Expression of “Personal Contempt” in Facebook Message Was Not Protected Concerted Activity

by Ogletree, Deakins, Nash, Smoak & Stewart, P.C.

By now, employers are aware of a number of “Facebook firing” cases in which individuals who were fired for posting content on Facebook have been reinstated after the National Labor Relations Board (NLRB) found the postings to have been “protected concerted activity” under the National Labor Relations Act (NLRA). On May 8, 2013, an NLRB Associate Counsel took a different tack when he sent an Advice Memorandum to his Regional Director supporting the actions of a medical group that fired an employee who vented about her workplace in a private group message sent though Facebook. Tasker Healthcare Group d/b/a Skinsmart Dermatology, NLRB Div. of Advice, No. 4-CA-94222(May 8, 2013).

In that case, an unnamed charging party was employed by Tasker Healthcare Group, which was doing business as Skinsmart Dermatology, where she performed various office duties with patients and office guests. On November 12, 2012, that employee, along with nine other individuals, the majority of whom were Tasker Healthcare Group employees, participated in a private Facebook “group message” in which only the invited individuals were able to contribute messages.

The conversation initially focused on a planned social event for the group. Later, however, the charging party, while relating an exchange with a current supervisor, stated that she had implied that the supervisor should “back the freak off.” She followed that posting with one in which she described the employer as “full of [expletive]” and went on to state, “I don’t bite my [tongue] anymore . . . FIRE ME . . . Make my day. . .” Other than the charging party, no other current employee took part took part in that portion of the conversation until two hours later, when someone else stated that the workplace was “annoying as hell” and that “there’s always some dumb [expletive] going on.” No other employee responded and the conversation ended shortly afterward.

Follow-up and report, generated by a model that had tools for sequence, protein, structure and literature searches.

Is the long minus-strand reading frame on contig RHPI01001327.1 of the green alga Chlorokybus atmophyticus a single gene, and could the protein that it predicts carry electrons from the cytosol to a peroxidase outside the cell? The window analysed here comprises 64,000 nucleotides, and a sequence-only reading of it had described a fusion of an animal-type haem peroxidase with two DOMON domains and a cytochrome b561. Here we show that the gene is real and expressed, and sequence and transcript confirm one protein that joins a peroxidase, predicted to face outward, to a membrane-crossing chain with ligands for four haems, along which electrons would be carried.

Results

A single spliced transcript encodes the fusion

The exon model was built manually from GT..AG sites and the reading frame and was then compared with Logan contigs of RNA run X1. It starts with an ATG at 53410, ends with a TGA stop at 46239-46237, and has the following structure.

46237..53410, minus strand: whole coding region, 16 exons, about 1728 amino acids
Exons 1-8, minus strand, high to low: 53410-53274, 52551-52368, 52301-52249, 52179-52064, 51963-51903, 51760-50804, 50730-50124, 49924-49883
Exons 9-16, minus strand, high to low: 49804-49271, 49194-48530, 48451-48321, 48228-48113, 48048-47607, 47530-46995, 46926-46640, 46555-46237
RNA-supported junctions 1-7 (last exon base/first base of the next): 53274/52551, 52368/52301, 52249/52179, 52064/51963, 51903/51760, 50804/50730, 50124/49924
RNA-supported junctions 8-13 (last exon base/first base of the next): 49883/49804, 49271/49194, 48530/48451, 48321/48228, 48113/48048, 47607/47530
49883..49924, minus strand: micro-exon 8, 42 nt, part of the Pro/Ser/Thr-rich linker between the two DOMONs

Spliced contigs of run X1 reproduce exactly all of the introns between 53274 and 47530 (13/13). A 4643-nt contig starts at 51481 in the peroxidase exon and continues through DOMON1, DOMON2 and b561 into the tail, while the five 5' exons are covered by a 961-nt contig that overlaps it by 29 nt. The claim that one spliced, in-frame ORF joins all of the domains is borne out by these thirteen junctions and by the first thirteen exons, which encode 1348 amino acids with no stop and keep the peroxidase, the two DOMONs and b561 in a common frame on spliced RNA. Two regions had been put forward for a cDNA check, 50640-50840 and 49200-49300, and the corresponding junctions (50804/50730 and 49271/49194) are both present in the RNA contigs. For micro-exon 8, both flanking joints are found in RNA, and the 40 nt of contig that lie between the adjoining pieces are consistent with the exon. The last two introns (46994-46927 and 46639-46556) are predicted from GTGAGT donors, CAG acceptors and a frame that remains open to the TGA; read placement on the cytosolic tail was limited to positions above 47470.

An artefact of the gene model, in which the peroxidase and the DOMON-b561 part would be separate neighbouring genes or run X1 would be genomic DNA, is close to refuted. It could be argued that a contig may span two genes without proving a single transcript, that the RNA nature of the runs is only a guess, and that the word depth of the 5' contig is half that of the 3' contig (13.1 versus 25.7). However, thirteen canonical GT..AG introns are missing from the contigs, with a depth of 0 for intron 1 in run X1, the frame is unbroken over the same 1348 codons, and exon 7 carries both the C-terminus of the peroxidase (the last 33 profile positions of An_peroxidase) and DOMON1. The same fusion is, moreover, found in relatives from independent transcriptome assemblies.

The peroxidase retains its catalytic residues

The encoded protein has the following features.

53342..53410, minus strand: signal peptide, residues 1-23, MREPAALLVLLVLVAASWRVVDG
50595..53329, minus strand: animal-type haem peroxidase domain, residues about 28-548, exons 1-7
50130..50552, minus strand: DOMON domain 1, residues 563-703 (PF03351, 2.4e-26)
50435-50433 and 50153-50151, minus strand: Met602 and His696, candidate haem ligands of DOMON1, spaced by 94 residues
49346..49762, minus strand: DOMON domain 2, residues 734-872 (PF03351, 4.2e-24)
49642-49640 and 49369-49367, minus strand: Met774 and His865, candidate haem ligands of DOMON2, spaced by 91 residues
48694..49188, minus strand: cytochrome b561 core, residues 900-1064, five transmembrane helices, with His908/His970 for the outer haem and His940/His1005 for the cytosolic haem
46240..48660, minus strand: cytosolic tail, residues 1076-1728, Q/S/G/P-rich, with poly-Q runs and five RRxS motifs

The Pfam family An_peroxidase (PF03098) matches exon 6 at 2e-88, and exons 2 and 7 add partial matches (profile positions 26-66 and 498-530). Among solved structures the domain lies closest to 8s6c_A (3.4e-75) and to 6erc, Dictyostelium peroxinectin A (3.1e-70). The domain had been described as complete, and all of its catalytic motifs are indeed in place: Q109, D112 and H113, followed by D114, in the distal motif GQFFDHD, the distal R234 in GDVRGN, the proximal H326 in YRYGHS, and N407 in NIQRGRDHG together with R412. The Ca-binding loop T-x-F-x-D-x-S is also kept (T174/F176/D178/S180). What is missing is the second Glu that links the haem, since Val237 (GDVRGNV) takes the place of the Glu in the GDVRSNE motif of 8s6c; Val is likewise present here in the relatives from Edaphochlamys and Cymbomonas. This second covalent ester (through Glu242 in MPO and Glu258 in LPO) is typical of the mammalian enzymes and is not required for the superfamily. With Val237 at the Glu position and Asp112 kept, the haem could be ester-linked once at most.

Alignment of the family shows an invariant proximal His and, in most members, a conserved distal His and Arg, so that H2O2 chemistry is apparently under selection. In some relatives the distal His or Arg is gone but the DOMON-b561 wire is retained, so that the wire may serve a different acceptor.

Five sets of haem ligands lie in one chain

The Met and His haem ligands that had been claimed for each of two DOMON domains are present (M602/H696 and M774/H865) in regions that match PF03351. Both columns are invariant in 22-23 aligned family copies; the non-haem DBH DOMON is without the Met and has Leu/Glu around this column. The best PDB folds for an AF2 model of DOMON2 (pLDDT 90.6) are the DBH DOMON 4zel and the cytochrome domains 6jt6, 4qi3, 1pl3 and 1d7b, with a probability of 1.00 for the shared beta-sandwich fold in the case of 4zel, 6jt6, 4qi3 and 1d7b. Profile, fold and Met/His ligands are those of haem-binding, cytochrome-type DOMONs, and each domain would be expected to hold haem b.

On the following day, one of the non-posting employees showed the message string to the employer, which then fired the charging party. In addition to saying that it was obvious that the charging party was not interested in continuing her employment, the employer expressed concern about her working directly with patients given her feelings about the medical practice.

The charging party claimed that her firing had constituted an unfair labor practice under the NLRA. Later, the NLRB Regional Director asked for input from the Division of Advice. In his Advice Memorandum, the Division of Advice Associate Counsel acknowledged that the NLRA protects individual employees who engage in concerted activity and further acknowledged that such activity can be undertaken by a single employee who seeks to initiate group action or who brings group complaints to an employer. However, he then pointed out that in this case, the charging party had “merely expressed an individual gripe” rather than engaging in a discussion of shared concerns. He went on to characterize the Facebook comments as “personal contempt” rather than discussion of the terms and conditions of employment. Based on that, the Associate Counsel specifically determined that “the Charging Party’s discharge was not unlawful because her comments were not concerted and, instead, were merely boasting and griping.”

Before deciding whether Facebook comments are protected concerted activity, an employer should recognize that there is a line of cases that uses the “inherently concerted” analysis. In those cases, the discussion of certain topics, including, for example, wages, work schedules, and job security, are found to inherently involve “mutual workplace concern.” Since discussing these topics inherently involves mutual workplace concern, the workers involved in the discussion need not contemplate group action for their discussion to be considered concerted activity. Therefore, employers should further analyze online discussions on those topics before taking adverse action against an employee.

Maria Greco Danaher is a shareholder in the Pittsburgh office of Ogletree Deakins.


DISCLAIMER: Because of the generality of this update, the information provided herein may not be applicable in all situations and should not be acted upon without specific legal advice based on particular situations.

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